The Buffet of Nations

In the Summer of 2015, the countries of Europe experienced one of the largest spikes in asylum seekers in modern European history. In October 2015 alone, more than 200,000 predominantly Arab Muslim asylum seekers arrived in Greece alone, and many moved further, towards Western European countries such as Germany, France and Sweden.

This dramatic rise in refugees has two main causes – first, and arguably most important, was the softening of regulations relating to European asylum claims. In June 2015, a few months before the spike, the government of Macedonia relaxed border enforcement rules by allowing migrants to travel freely through their territory, offering a comparatively cheap route into Central Europe for asylum seekers. A few months later, Hungary found itself swarmed with requests for asylum, unable to process new requests and unable to retake migrants who had passed their territory and kept going into Europe.

Asylum applications in Europe at the time were governed by the Dublin Regulation. This was a piece of international law that dictated which country was responsible for which asylum seekers. The Dublin Regulation stated that an asylum application to a Dublin Regulation member state must be made to the first country that applicant arrives in. If an applicant attempts to leave that country, they can be deported back. Because of this, geographically unfortunate countries such as Hungary found themselves bearing a great deal of the burden.

In August of 2015, the German government announced that they would no longer enforce the Dublin Regulation, due to the enormous burden placed upon single member states, as well as noncompliance from other member states like the Czech Republic, who were offering asylum to applicants in Hungary. At the same time, German Chancellor Angela Merkel announced that Germany would offer ‘temporary asylum’ to any refugee. This, coupled with her promise that ‘there is no legal limit to refugee numbers’, and widely broadcast footage of cheerful Germans welcoming refugees to their country, caused asylum numbers to skyrocket, hitting their peak two months later in October 2015. It was not until a deal between Turkey and the EU was signed in late March 2016 that arrivals in Greece slowed to manageable levels.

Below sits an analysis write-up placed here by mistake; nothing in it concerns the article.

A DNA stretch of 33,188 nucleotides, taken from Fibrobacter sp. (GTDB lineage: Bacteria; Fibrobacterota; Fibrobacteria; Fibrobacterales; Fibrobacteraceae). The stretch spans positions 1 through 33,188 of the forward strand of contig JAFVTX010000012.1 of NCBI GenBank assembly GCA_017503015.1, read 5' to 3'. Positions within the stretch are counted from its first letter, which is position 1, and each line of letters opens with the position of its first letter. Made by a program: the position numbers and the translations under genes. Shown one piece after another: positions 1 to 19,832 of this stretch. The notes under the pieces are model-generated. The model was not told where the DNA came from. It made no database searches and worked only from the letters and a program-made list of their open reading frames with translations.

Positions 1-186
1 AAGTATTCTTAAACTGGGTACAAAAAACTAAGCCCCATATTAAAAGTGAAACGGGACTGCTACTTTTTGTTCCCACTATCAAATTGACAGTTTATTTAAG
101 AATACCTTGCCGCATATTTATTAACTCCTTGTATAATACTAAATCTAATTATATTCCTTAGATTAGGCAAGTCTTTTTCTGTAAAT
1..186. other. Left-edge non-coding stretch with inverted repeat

Arrivals greatly increased following the Macedonian announcement, and then again following the German abolishment of the Dublin Regulation


The other cause, and one all too commonly forgotten, is the work of the Russian puppet Bashar al-Assad, President of Syria. Through a combination of widespread increases in conscription rates and easing of Syrian passport acquisition, Assad sought to use Europe as a dumping ground for opponents of his regime, so as to strengthen his hand in the Syrian Civil War. This has been a tremendous success – millions of Syrians have fled their home country, overwhelmingly young and male – a report by the German Federal Service for Migration and Refugees (BAMF) in May 2016 estimated that up to 75% of refugees were male, and 67% were under the age of 33.

So, what does this mean for us in Europe? Asylum applications have been made all across Europe, but Germany by far has been the most popular destination, followed by Hungary, Italy, France and Sweden.